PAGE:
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>>If you only want to type data and print it, use whatever you like (it
won't work with Laser Printer, though). <<
Actually, my non-Unicode encoded NewtGreek font prints perfectly to my laser printer from my Newton. I just printed out a page this morning to make sure. I know the Newton has traditionally had some font-printing problems, but I can't remember the exact details. I think laser printers will print out bitmaps just fine, no?
>>Well, the thing is that I'm waiting until having a good unicode Greek
font to update alt.rec.... to support Greek input with something
similar to nJIM support (i.e. you write some roman and it will
display Greek by translating, if required using a dictionary). <<
I see where unicode would be a great advantage to doing this.
>>I strongly disagree about that. Unicode is the only encoding allowing
you to have both Latin (with accents) and Greek text.<<
Well, you could always use two separate fonts. I know what you're saying, but . . .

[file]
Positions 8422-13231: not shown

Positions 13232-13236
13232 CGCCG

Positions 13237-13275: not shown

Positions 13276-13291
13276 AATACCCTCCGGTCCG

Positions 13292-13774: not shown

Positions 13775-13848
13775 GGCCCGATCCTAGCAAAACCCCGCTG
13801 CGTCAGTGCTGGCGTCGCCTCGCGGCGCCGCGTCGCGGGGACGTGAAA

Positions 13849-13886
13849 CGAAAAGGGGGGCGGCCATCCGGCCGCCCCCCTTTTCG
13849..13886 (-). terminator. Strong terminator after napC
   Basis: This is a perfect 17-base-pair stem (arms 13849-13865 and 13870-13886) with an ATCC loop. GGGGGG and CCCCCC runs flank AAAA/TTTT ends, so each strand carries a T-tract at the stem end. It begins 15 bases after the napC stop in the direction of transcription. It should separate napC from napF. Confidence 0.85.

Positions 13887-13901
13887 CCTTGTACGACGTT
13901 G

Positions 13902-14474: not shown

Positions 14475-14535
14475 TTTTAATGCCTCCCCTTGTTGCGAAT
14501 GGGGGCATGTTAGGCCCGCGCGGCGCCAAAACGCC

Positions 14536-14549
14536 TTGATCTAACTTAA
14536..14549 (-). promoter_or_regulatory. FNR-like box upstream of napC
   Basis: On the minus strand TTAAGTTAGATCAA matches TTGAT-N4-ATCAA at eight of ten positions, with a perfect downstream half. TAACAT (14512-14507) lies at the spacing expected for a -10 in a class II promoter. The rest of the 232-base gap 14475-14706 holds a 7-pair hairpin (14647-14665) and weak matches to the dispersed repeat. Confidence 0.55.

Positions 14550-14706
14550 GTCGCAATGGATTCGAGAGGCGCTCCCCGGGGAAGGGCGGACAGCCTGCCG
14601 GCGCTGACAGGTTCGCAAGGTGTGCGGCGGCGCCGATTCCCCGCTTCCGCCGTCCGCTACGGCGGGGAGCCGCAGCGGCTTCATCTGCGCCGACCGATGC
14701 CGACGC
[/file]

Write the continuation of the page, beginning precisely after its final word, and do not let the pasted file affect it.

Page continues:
Here's one example. Last night I downloaded the Athenian font to try it out (on MacOS X). As an end-user typing Greek words, it sucks. It literally has every possible different accent/letter combination on a different key. Now, I'm not sure whether this is the fault of unicode or Greek Keys (or both--I just assumed Greek Keys was an input method for the Athenian unicode font, but maybe I'm wrong there), but it almost makes the font unusable for any practical purpose (other than text importing). I really don't mean to rant, and I can understand the utility of having all possible character glyphs in one huge resource (ie, the unicode tables)--but it seems to me that the advantage of unicode is mostly from a system/standardization perspective, and it seems to be a disadvantage from an end-user perspective (ie, someone typing a paper in multiple languages).
It seems to me that we're looking at the font issue from two opposite sides. You prefer a standardized unicode font to allow importing of vast amounts of Greek documents from various sources and translation. I'm looking for a Greek font that people can actually type with on word processors.
I don't mean to belabor this discussion--but it's all very interesting to me!
>>This is the main problem. I haven't figured out how to make accents
and breathing (?) (not sure of the English word for the little sign
above first rho/vowel of words). <<
Yeah, we call them "breathings" or "breathing marks". "Rough breathings" make the "h" sound (such as over the rho). "Smooth breathings" don't make any sound.
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